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Mirror Coatings

Mirror coatings are applied to the polished and figured mirror to make them much more reflective. This page discusses the following topics related to mirror coatings: Silvering, Aluminizing, Enhanced Reflectivity Coatings, and Removing a Coating.

Silvering

In the early days of amateur telescope making, before vacuum coating services were widely available, silvering was how mirrors were made reflective. But just like the silver in your hutch, it tarnishes quickly and has to be recoated often. It is also soft and does not clean easily. With the right chemicals, silvering can be done by an amateur, and used to be done frequently. In fact, at many Stellafane conventions, we have mirror silvering demonstrations.

However, the silvering process involves using silver nitrates, which like most other nitrates can become explosive. There are tales of amateurs having explosive mishaps while silvering their mirrors.

Given the current environment of increased national security, and caring about your personal safety, we will not say anything more about silvering, particularly with a superior aluminum coating technology available.

Aluminizing

Stellafane's Vacuum Coater
Stellafane is fortunate to have been given an old vacuum coater by Chroma Technologies, shown here in their lab on the night we took it away (2009 News Story). Member Wayne Hilliard (at right) is learning how to run it and developing the required operating procedures to reliably coat mirrors while making minor improvements to the machine. The coating chamber is open, the tin foil inside is to collect the extra evaporated coatings, so they don't build up on internal parts - it is easily replaced. Mirrors are hung from the top facing down for coating. (Stellafane will not be offering coating services)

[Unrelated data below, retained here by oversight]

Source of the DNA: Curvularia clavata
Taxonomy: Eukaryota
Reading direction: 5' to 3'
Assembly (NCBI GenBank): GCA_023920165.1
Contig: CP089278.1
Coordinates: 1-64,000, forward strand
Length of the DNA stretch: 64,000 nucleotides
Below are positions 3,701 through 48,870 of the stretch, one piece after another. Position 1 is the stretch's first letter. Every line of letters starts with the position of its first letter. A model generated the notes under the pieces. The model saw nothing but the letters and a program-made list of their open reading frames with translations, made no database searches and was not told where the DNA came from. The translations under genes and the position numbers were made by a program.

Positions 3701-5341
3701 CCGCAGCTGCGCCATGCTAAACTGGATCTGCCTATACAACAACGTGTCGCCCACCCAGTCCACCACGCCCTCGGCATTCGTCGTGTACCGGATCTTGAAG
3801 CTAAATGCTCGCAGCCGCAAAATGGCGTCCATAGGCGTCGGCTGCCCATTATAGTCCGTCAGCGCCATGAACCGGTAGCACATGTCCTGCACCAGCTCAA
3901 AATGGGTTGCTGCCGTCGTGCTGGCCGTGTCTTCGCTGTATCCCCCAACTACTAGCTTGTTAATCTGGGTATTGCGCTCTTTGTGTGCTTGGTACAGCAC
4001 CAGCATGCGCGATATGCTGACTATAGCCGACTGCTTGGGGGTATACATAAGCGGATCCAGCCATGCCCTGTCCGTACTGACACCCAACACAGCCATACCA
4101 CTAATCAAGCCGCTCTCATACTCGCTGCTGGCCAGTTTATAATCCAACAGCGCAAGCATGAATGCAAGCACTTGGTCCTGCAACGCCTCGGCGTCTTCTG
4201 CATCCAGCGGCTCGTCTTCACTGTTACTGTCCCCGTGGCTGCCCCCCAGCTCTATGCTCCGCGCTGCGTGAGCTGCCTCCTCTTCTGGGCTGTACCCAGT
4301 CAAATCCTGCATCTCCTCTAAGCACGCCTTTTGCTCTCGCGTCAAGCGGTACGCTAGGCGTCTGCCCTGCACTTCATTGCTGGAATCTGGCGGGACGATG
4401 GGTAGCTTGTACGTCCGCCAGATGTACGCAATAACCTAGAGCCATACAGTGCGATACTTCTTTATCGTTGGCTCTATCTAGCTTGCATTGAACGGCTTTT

Stellafane's Vacuum Coater

Today, most amateur mirrors are coated in a high vacuum chamber where aluminum is evaporated, then as it flies about the chamber unimpeded by air molecules it evenly coats the mirror (and everything else in the chamber, including the viewport). The vast majority of amateurs cannot afford the equipment to do this, the space to house it, and many would be challenged to develop the technical skill to get good coatings (adhesion to the glass and coating uniformity are particular challenges).

You can check our list of vendors who provide coating services. In 2010, one typical vendor charges $70 to coat an 8 inch mirror (two-way shipping and insurance not included). Price varies by mirror size, materials are negligible, you are paying for space in the vacuum chamber. A few vendors give amateurs a price break if they are not in a rush and can wait for available space in the chamber that would not be used otherwise (most coaters make their living servicing the commercial optics industry - amateur one at a time mirrors are just a sideline. Some vendors will recoat your secondary for free if it comes along with the primary. Do a little shopping around to see who is offering a package that is best for you.